New England Weather Plays Havoc With Amtrak


Sources in Western and Central Massachusetts have reported a rock slide in Palmer MA has stopped the October 30’s Lake Shore Limited from reaching Boston. This has been confirmed through the Chicago Tribune. The Tribune reports 48 (somewhat ironic being the train is numbered 48 west of Albany) passengers were aboard and the train did not loose power or heat during the incident. Amtrak provided free food and drink to customers and buses arrived at 11am to get customers to their final destinations.

This is the second major incident relating to New England from this snow storm. On Saturday night, falling trees damaged the Vermonter forcing it to stop in Amherst and spend the night until being backed to Palmer and returned to Springfield.

Fortunately for passengers neither train lost power or heat and Amtrak was able to provide refreshment allowing customers to make the best of a bad situation. These conditions remind this reporter of an incident in Flagstaff Arizona. On a vacation there, a blizzard struck the day I was leaving. All flights were grounded and the Arizona Highway Patrol closed all roads out of Flagstaff heading south, east and west. Despite two feet of snow, BNSF freight trains were running at track speed when no other mode of transit could even move.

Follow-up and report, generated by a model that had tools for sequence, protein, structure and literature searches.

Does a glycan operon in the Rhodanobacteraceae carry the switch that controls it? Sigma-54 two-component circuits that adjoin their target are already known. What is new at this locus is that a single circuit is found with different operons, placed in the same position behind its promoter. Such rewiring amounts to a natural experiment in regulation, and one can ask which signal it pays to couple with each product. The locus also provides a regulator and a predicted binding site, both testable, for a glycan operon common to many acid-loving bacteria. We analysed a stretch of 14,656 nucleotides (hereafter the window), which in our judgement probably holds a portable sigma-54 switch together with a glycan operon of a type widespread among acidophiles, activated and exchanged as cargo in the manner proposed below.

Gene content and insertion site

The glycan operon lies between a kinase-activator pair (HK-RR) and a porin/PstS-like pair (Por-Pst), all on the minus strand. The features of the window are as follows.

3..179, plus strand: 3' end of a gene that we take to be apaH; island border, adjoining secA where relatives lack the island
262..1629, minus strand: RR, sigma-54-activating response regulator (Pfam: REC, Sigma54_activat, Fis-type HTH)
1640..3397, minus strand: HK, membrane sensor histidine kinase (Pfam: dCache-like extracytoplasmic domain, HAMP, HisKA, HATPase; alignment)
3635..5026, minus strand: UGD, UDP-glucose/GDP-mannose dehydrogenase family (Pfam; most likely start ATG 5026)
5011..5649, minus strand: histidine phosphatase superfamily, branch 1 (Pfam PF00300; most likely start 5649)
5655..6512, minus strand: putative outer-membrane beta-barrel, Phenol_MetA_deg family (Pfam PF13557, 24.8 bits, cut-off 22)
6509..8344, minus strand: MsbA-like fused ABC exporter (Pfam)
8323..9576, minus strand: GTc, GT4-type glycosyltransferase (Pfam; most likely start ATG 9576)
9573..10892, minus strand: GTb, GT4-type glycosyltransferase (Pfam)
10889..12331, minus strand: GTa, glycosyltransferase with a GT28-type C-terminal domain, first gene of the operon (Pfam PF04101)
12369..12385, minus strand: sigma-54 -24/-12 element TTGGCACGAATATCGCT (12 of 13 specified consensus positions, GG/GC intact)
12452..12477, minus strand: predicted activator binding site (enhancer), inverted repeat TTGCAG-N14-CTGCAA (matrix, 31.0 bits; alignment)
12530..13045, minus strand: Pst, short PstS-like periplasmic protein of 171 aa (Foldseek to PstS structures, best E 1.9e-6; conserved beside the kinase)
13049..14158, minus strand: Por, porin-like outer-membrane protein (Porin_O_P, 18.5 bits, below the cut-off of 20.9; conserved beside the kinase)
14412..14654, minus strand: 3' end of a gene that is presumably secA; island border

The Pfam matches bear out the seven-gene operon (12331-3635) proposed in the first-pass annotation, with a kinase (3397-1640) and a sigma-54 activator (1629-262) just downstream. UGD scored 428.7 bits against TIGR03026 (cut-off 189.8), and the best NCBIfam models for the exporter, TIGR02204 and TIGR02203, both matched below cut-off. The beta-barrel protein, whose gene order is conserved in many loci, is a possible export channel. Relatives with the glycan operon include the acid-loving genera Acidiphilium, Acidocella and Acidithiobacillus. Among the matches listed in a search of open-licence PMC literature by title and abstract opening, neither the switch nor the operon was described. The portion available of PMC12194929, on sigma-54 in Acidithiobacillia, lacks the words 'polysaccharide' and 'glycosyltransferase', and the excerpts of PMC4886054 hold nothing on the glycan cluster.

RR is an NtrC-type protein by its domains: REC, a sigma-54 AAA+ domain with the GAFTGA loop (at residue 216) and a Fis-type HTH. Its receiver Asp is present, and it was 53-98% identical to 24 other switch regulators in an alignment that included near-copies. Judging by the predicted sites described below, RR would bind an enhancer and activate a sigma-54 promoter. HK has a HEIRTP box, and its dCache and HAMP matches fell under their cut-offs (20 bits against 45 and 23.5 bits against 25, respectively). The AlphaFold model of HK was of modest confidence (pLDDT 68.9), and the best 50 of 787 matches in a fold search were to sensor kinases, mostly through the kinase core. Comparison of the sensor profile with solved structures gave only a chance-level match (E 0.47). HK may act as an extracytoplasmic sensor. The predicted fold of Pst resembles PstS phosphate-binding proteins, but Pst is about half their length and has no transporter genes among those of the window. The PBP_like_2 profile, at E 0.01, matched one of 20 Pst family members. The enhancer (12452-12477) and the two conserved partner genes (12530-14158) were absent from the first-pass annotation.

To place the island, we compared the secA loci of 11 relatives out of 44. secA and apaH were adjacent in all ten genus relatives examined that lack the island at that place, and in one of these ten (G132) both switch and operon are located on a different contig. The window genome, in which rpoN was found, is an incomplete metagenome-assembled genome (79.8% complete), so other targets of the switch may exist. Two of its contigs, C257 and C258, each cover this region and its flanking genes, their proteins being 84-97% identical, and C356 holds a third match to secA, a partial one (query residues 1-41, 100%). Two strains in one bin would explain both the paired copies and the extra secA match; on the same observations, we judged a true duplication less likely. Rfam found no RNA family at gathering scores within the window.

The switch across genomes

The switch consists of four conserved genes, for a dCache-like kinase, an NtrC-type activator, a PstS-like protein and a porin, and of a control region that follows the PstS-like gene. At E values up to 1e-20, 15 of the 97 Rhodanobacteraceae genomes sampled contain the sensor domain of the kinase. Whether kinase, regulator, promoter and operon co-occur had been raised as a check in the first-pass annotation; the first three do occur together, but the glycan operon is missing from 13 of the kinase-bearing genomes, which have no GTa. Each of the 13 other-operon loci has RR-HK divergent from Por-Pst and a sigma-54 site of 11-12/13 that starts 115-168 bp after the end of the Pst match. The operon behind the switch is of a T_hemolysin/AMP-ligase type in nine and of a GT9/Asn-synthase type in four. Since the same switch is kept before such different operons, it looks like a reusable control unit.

New England is an area also prone to bad weather. Railroads must do a better job of assuring their lines are weather proofed as best as possible. Not only does it provide for more reliable service, it prevents the railroads from paying costly overtime to clean up after a storm.


  1. Losing power for train and crossing signals and switches is one thing; and falling trees are another. This summer the Hiawatha was delayed 5 hours for a crew to proceed ahead of the train to remove 8 trees blown down across the tracks in a storm. Fortunately the train and NPCBU did not derail or sustain damage hitting the first tree.

Comments are closed.